This is an upgraded version of the regular Hada Labo Gokujun Lotion (which I have reviewed, link HERE) which contains 3 forms of Hyaluronic acid – as this contains 5 forms and Urea (a humectant) as well as additional humectants to draw in moisture into the skin and really tackle not only dehydrated skins but severely dry skins too. (And lock In hydration).
The 5 forms of Hyaluronic acid are: Hyaluronic Acid (HA), Super HA, Nano HA, Absorbent HA and 3D HA.
(Or as listed): 1.Acetyl hyaluronic acid Na (super hyaluronic acid), 2. hyaluronic acid Na, 3. hydrolyzed hyaluronic acid (nanoized hyaluronic acid), 4. hyaluronic acid hydroxypropyltrimonium (skin Adsorption-type hyaluronic acid), 5. hyaluronic acid crosspolymer Na (3D hyaluronic acid).
The regular lotion contains Hyaluronic Acid (HA), Nano HA, Super HA – 3 forms which is still good.
Swatch: When swatching, this does have a rich texture and is quite gloopy without balling up / pilling on the skin, like the Dear Klairs Supple Preparation toner does.
The regular gokujun penetrates in the inner layers of the skin – hence why it is much thinner and lighter in texture than the premium lotion, which is thicker and gloopier. As the premium lotion contains also larger sized HA molecules which form a barrier in top of the skin, trapping moisture and holding it there. So this could be used or seen more as a moisturiser compared to the regular HA lotion which would require a moisturiser on top to prevent TEWL and form that barrier on top of the skin. And with the addition of Urea, this product just delivers more hydration to the skin.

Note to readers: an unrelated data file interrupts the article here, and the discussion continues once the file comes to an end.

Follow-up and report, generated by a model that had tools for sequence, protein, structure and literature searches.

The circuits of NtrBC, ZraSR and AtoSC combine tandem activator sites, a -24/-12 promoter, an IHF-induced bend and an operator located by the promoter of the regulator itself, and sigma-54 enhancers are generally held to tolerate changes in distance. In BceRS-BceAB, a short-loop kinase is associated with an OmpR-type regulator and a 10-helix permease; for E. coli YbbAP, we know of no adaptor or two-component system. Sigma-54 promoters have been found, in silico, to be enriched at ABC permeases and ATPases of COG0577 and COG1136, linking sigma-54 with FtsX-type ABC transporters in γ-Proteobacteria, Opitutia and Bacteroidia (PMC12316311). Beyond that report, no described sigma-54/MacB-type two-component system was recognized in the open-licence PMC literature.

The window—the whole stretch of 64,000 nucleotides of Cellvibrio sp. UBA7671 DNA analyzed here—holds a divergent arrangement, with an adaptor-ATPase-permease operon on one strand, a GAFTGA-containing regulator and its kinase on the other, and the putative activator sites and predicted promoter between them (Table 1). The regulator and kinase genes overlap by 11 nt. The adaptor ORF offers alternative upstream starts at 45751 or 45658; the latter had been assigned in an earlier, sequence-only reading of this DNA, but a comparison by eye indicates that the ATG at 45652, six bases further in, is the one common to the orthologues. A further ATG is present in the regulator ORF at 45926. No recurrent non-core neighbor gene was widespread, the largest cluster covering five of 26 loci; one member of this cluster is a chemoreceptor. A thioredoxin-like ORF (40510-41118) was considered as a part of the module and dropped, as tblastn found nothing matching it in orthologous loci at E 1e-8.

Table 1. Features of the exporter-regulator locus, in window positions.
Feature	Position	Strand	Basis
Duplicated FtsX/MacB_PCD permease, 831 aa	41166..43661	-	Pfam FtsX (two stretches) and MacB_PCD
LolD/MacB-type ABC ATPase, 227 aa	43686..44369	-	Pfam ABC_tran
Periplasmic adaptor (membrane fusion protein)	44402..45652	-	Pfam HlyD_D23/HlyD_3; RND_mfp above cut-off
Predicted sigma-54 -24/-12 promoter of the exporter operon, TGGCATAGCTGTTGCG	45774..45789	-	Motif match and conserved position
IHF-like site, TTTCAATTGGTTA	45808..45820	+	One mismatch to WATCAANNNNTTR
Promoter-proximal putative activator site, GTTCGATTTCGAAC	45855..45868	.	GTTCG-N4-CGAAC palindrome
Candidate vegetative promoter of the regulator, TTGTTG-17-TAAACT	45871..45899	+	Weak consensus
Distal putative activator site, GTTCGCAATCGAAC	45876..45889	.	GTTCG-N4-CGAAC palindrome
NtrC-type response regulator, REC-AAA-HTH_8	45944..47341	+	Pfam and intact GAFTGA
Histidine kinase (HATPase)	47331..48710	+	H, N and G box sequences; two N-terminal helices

The premium lotion contains all of these molecules and therefore penetrate deep and sit on top of the skin.
The Other humectants in here include Butylene Glycol, Glycerin, Diglycerin, Propylene Glycol and Urea – so I feel like many bases are covered for dehydrated and dry skins.
Comparison between the premium and the regular: Butylene Glycol (both), Glycerin (Both), Diglycerin (Premium), Propylene Glycol (Premium), Urea (Premium). Nano HA = Hydrolyzed Hyaluronic acid. Super Hyaluronic Acid = Acetyl Hyaluronic acid NA. Hyaluronic acid Na (Sodium Hyaluronate).
The product ingredient breakdown can be seen on the Incidecoder HERE
In my opinion, I would recommend this for more dry skins or if you like the feeling of a thicker toner.
The next product is from Open Formula – which is the Hyaluronic Acid Moisturising serum (£8.05 for 30ml) which contains 0.3% HA (or 0.25%) and has a pH of 4.8-5.7 (quite a large gap?)
If you would like to see the other products from Open Formula I have swatched and want to know my first impressions, then please check out my previous video.
I believe it’s called a moisturiser because Open formula are pretty proud of the fact that this delivers sustained hydration to the skin without the use of any oils (which moisturisers usually contain). And this is meant to be used like a moisturiser i.e. the directions don’t instruct you to apply anything on after this, whereas usually HA serums usually indicate a moisturiser would be beneficial to apply on top.